Understanding the Impact of Session Calculation Changes in Google Analytics

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On August 11th 2011 Google Analytics announced a change in how a session (i.e. "Visit") is calculated.  The update was explained by as an "improvement" to how Google Analytics identifies sessions to bring GA "inline with the common definition of a visit."  Personally, I am skeptical about whether or not this is a good change, however long-term I don't think it is inherently "bad" - it just changes things, and a change in such a key component as how a session is identified is potentially disastrous from a reporting and data continuity perspective.  Keep reading for more analysis of this change and its impacts.

Reviewing the Change to Session Identification

The Google Analytics blog post about the updatedescribes what was changed: [info] Currently, Google Analytics ends a session when:
  • More than 30 minutes have elapsed between pageviews for a single visitor.
  • At the end of a day.
  • When a visitor closes their browser.
If any of these events occur, then the next pageview from the visitor will start a new session. In the new model, Google Analytics will end a session when:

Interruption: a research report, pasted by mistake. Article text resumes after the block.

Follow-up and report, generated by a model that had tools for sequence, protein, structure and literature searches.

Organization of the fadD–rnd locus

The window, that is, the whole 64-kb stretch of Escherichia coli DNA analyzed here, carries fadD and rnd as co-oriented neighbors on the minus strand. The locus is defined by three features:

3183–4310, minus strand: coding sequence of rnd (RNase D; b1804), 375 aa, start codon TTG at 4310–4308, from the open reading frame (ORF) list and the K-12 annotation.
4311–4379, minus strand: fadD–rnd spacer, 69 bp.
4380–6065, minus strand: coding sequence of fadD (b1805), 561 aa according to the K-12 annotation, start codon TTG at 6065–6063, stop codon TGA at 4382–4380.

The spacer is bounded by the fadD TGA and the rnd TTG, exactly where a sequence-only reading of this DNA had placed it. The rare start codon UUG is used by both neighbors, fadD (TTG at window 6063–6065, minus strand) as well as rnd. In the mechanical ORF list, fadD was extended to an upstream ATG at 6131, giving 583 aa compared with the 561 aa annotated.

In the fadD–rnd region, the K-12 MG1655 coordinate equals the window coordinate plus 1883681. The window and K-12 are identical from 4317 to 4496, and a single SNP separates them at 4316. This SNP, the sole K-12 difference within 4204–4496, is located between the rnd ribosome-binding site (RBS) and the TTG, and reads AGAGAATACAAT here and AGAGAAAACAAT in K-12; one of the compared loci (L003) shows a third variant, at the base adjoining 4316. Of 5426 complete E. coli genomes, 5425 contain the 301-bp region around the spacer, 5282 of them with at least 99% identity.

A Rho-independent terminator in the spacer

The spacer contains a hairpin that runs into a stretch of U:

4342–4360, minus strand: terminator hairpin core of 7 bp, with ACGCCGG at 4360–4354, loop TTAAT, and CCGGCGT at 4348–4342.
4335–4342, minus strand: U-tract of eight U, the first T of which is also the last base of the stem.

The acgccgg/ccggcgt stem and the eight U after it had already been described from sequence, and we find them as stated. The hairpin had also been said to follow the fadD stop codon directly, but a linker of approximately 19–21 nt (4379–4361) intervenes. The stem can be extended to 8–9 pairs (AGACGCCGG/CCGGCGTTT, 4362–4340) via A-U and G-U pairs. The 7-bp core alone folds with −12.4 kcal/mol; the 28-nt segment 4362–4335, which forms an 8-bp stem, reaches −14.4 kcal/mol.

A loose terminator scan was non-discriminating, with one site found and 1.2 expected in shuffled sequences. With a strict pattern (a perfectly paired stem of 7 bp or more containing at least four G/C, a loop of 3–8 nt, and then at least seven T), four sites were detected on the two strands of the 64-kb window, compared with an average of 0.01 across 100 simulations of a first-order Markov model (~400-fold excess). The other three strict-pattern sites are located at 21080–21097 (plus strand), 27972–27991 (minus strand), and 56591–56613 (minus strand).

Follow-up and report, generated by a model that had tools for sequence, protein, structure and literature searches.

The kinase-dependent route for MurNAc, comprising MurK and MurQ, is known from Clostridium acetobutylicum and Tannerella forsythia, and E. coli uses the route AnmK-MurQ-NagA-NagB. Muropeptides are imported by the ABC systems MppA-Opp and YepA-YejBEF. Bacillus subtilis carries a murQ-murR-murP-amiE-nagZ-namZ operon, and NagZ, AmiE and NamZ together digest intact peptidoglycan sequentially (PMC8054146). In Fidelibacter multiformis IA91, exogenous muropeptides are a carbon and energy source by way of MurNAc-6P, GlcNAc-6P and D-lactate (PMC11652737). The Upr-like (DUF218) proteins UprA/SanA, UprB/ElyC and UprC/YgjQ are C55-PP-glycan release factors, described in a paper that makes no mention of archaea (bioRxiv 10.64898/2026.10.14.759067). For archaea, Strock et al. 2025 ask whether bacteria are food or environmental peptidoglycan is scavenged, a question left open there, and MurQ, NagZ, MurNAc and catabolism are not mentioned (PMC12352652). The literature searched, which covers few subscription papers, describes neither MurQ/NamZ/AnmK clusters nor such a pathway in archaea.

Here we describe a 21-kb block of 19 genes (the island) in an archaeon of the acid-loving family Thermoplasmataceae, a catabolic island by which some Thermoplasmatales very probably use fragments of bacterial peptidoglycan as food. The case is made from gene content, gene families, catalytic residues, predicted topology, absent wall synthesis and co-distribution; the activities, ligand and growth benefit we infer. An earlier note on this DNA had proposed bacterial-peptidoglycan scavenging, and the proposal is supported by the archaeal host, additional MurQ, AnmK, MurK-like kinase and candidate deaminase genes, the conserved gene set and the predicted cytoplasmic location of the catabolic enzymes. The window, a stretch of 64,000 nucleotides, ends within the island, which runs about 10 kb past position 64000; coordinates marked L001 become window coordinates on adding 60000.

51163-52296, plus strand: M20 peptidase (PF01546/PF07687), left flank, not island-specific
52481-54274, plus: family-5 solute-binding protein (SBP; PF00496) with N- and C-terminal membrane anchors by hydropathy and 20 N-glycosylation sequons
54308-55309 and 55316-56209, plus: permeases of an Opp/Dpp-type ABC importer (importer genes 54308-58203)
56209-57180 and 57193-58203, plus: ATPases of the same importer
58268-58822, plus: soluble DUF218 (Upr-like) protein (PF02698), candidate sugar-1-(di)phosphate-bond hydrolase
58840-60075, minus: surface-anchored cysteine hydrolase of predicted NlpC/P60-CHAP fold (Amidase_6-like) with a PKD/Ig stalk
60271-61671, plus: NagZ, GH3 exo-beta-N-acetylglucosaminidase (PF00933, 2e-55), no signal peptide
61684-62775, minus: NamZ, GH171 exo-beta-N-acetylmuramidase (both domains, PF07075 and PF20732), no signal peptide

• More than 30 minutes have elapsed between pageviews for a single visitor.
  • At the end of a day.
  • When any traffic source value for the user changes. Traffic source information includes: utm_sourceutm_mediumutm_termutm_contentutm_idutm_campaign, and gclid.
As before, if any of these events occur, then the next pageview from the user will be the start of a new session. [/info]

Analysis of the Change's Impact on Your Data

This change is one that will have an impact on your data that varies based on your users' typical behavior patterns and the extent to which you use custom campaign tagging (i.e. utm_source=blah, etc...).

Increased Visits

First of all, the effect will be increased visits since the definition of a "Visit" has become narrower. Previously, if a user on your site came from Google Organic, browsed a few pages, and clicked the Back button, searched again, and later clicked another link, they would be tracked as 1 visit provided they weren't gone from your site more than 30 minutes. NOW, with this change in effect, they would be counted as 2 visits. I've seen some sites that have rather high rates of this type of behavior pattern. Typically they are in industries where users conduct heavy and active research and click to lots of sites during one browsing session, such as Travel. The visit increase effect will be greater for those who use custom campaign tags, especially if you use them on INTERNAL site links. I.e. if you put utm_source, utm_campaign, etc... on links in your own pages TO your own pages, this change will basically nuke your data because every time someone clicks on one of those links they will get a new visit. If you have a lot of tagged marketing out there and users are likely to encounter that, i.e. responed to an email link, view a couple pages, go back to the email, click another link, that's going to be 2 sessions when it was previously 1.

Impact on Other Metrics

When session definitions change ALL metrics related to sessions will change.  In Google Analytics that's a lot of stuff.  A few key metrics that are impacted by this change are: